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China spacecraft returns to Earth

Last week's launch is seen as a major step forward for China's ambition to send a man in space
Last week's launch is seen as a major step forward for China's ambition to send a man in space  


HONG KONG, China (CNN) -- China's third unmanned spacecraft has returned to Earth successfully after spending a week in orbit, state media reported.

The returning module of the Shenzhou III space vessel touched down about 4:51 p.m. Beijing time (0851 GMT) Monday in northern China's Inner Mongolia Autonomous Region, Xinhua news agency reported.

China launched the space vessel into orbit last Monday in a test flight designed to pave the way for the country's first human space flight, state media has reported.

The Shenzhou III, which was described in the Chinese media as being "technically suitable for astronauts", was launched after months of delays.

The spaceship contained a set of metabolic simulation apparatus, human physical monitoring sensors and dummy astronauts, Xinhua reported.

The craft also contained biological, astronomical and engineering materials experiments.

The module will be transported to Beijing in the next few days where scientists will begin analyzing the experimental samples and instruments.

Shenzhou III was the third such experimental craft launched from the Jiaquan Satellite Launching Center in Gansu province in recent years.

"The successful launches of three Shenzhou spaceships takes the country to new heights of space science and technology," the official Xinhua news agency quoted Chinese President Jiang Zemin as saying after watching the launch.

The space program, he added, showed the Chinese people's spirit of constantly striving to become stronger.

Long March

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The spacecraft was carried atop a "Long March II F" booster rocket, designed specially for China's manned space program.

The Long March series has been widely used in China's successful commercial satellite launch business.

Some 10 minutes after last week's launc,h the spacecraft entered orbit, where remained for several days circling the Earth every 90 minutes.

Its flight was monitored and controlled from several ground stations, including the Beijing Aerospace Direction and Control Center in the Chinese capital, Xian Satellite Monitoring Center, and a fleet of four monitoring vessels deployed in the Atlantic, Pacific and Indian oceans.

After the spaceship orbited its 108th pass around the Earth, the surveying vessel, "Yuanwang III" which was anchoring in the Atlantic Ocean in the South Hemisphere, ordered the spaceship's returning module to come back, Xinhua news agency reported.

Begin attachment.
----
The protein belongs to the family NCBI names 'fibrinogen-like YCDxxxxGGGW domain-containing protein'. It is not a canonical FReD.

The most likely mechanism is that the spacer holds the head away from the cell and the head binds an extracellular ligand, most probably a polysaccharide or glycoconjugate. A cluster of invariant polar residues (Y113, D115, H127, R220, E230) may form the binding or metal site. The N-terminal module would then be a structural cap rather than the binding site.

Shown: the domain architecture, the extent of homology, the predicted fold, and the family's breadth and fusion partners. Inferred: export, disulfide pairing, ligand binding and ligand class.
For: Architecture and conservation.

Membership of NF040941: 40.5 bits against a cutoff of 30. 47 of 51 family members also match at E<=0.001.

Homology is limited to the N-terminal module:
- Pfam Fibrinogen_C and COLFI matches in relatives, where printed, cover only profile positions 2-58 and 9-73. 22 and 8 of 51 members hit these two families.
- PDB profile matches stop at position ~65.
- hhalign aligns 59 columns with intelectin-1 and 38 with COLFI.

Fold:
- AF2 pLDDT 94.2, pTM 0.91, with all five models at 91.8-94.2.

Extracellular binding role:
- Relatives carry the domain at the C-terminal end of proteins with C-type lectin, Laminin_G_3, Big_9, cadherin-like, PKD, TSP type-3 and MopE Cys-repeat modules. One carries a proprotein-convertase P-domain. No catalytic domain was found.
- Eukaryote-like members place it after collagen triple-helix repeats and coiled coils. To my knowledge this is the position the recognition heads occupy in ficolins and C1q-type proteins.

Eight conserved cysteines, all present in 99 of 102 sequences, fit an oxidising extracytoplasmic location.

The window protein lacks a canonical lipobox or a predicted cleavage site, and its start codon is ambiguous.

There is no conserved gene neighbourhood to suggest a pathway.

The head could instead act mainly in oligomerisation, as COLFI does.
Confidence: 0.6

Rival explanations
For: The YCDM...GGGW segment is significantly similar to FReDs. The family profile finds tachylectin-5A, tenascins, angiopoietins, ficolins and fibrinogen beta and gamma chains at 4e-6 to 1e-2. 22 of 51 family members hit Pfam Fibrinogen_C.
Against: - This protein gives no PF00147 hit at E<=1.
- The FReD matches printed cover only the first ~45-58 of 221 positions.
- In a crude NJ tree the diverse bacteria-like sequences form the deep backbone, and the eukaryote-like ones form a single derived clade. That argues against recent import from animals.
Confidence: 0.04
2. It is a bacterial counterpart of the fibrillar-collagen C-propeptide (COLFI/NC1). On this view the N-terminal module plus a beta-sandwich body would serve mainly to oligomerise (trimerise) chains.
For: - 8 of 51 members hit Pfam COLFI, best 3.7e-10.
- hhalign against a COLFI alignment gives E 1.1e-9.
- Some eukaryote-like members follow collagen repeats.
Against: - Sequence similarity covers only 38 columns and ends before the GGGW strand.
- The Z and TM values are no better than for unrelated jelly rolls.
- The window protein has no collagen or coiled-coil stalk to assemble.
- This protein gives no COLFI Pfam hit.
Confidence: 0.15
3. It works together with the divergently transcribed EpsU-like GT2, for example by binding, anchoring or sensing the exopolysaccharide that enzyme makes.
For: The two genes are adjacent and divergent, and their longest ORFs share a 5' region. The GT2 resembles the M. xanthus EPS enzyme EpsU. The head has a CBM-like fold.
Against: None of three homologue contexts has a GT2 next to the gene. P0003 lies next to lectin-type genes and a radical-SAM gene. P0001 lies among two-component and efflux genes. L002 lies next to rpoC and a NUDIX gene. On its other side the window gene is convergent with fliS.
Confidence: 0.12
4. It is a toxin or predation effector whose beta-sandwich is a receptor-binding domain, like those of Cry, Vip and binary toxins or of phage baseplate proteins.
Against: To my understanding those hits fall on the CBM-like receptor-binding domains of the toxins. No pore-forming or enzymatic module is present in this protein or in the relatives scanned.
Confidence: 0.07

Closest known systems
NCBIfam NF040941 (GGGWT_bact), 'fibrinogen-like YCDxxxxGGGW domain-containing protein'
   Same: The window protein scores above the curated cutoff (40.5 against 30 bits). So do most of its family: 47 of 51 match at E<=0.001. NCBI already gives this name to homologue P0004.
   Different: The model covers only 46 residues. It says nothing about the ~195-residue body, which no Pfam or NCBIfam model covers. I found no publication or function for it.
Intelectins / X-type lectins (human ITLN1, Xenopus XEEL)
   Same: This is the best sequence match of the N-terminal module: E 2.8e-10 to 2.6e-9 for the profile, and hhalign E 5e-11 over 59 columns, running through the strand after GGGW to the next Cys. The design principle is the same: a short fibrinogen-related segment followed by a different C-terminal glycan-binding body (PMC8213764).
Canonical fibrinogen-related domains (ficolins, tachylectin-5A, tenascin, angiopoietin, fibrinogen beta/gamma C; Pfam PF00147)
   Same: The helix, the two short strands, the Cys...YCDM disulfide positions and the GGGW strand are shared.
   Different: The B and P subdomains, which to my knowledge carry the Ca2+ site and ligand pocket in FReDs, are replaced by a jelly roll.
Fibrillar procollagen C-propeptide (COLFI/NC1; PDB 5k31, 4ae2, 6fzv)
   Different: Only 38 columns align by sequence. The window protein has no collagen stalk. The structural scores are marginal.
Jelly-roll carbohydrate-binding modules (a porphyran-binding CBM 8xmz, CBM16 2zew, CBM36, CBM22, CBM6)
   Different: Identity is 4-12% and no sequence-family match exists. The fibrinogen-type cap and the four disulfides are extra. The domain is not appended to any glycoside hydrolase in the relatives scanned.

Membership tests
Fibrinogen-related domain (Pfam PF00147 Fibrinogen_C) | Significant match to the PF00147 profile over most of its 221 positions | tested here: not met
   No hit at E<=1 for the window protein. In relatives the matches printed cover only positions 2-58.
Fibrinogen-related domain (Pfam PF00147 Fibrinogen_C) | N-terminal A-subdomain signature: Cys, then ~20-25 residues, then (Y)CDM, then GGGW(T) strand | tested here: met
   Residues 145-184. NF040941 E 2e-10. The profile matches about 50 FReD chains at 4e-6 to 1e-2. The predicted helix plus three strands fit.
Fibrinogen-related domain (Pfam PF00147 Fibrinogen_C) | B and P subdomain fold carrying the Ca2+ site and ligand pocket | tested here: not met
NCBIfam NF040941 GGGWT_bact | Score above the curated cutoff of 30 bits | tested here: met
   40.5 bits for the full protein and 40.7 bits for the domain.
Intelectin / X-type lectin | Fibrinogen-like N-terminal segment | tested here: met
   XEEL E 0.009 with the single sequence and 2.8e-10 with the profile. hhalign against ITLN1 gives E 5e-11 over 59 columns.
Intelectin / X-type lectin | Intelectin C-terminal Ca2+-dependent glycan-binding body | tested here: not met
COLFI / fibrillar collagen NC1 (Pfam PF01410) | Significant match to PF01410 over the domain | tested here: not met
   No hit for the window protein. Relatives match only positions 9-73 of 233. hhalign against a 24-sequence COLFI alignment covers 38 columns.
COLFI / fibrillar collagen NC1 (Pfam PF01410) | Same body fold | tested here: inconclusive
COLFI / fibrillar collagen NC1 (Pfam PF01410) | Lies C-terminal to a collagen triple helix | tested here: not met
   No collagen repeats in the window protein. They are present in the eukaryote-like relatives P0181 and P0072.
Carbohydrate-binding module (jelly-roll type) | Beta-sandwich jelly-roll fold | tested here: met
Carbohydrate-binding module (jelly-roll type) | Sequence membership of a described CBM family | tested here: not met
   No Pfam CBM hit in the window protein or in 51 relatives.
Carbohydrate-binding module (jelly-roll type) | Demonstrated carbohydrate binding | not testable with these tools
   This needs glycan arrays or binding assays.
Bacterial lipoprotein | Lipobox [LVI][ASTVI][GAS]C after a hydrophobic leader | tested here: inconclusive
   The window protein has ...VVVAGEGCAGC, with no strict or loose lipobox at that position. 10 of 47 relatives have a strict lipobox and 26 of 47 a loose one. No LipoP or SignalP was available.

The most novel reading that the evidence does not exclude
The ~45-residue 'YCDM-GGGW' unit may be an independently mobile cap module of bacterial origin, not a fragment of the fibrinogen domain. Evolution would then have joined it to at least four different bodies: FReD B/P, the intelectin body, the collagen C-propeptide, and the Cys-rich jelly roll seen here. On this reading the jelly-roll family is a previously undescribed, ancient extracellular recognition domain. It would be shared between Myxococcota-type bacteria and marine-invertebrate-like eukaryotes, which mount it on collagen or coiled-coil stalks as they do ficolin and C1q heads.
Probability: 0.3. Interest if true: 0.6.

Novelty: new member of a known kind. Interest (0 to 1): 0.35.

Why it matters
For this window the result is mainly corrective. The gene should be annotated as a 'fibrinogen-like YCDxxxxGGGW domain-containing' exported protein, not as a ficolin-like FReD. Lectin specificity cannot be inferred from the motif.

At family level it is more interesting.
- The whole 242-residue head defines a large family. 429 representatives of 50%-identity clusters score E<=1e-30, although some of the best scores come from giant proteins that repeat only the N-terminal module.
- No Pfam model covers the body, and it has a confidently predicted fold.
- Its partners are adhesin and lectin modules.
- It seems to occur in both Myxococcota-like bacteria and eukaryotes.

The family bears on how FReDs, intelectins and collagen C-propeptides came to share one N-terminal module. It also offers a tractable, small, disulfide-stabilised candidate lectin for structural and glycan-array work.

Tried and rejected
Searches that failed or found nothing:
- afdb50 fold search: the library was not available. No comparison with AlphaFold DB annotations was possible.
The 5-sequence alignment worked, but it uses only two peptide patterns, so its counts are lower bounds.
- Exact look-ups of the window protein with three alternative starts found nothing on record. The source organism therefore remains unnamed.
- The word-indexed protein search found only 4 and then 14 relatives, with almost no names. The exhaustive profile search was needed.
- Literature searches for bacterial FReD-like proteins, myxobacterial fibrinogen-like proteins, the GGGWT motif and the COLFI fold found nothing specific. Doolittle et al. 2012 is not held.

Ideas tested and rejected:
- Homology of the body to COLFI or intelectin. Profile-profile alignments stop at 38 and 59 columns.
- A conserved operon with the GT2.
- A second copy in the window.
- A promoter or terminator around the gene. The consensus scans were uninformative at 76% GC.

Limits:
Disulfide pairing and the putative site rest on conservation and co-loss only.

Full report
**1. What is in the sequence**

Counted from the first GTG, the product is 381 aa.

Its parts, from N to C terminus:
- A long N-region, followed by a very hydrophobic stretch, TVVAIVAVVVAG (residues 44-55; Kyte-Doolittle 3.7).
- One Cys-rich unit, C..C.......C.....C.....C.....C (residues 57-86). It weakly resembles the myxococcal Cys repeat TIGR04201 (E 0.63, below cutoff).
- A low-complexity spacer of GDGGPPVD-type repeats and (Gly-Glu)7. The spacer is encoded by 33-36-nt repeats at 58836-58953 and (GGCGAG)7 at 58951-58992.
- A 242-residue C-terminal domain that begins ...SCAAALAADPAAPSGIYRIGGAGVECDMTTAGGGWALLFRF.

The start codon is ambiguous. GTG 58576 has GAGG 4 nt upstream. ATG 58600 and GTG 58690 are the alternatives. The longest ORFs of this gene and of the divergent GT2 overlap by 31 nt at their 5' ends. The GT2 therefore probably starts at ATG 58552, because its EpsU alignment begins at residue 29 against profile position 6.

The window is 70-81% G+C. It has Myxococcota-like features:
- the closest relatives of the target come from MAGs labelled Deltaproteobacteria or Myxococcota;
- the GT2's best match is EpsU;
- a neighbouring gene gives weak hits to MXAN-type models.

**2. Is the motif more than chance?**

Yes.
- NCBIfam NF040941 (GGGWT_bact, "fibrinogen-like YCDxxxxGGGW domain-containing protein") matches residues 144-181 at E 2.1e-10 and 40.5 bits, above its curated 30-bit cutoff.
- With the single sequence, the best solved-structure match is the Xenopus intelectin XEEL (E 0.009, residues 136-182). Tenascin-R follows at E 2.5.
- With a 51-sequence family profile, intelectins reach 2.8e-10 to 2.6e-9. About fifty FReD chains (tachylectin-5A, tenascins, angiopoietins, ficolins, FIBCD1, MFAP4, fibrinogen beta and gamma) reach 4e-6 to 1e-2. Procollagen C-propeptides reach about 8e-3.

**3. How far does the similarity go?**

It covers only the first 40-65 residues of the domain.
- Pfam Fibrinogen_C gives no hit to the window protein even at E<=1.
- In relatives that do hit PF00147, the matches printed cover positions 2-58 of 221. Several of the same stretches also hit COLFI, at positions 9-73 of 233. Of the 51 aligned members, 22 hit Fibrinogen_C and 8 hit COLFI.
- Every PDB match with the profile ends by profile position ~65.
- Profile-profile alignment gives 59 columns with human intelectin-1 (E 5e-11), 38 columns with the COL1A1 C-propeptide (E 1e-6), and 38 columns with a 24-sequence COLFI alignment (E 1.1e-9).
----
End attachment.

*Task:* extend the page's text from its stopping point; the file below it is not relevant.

The returning module headed to the preset landing zone, while the orbital module wouild continue to orbit the Earth, Xinhua added.

China sent its first Shenzhou, which loosely translated means 'Vessel of the Gods', into orbit in 1999.

The secretive Chinese space agency announced details about the flight only after the capsule landed 21 hours later.

In 2001, the center launched Shenzhou II into orbit with several small animals including a monkey, dog and rabbit as passengers on board.

The menagerie returned unharmed one week later, according to Chinese media reports.

Simulated passenger

Massive human and financial resources are being pumped into the Chinese space effort
Massive human and financial resources are being pumped into the Chinese space effort  

China hopes the Shenzhou program will help it join in an elite technological club. Only the United States and Russia have sent humans into orbit.

China hopes to perform the feat within the decade although no fixed date has yet been set. Officials say ensuring the safety of future astronauts is the number one priority.

A group of astronauts -- or Taikonauts as they have been dubbed from the Chinese word for outer space -- have been trained for the program.

China's leaders says the country's space achievements will spur economic development, scientific advancement and the modernization of national defense.

Last year, Asian media reports suggested that China would send its own explorers into space before the end of 2002.

But a top Chinese space expert told the People's Daily Online that the timetable was too ambitious and additional unmanned tests would be required before the first manned flight.



 
 
 
 



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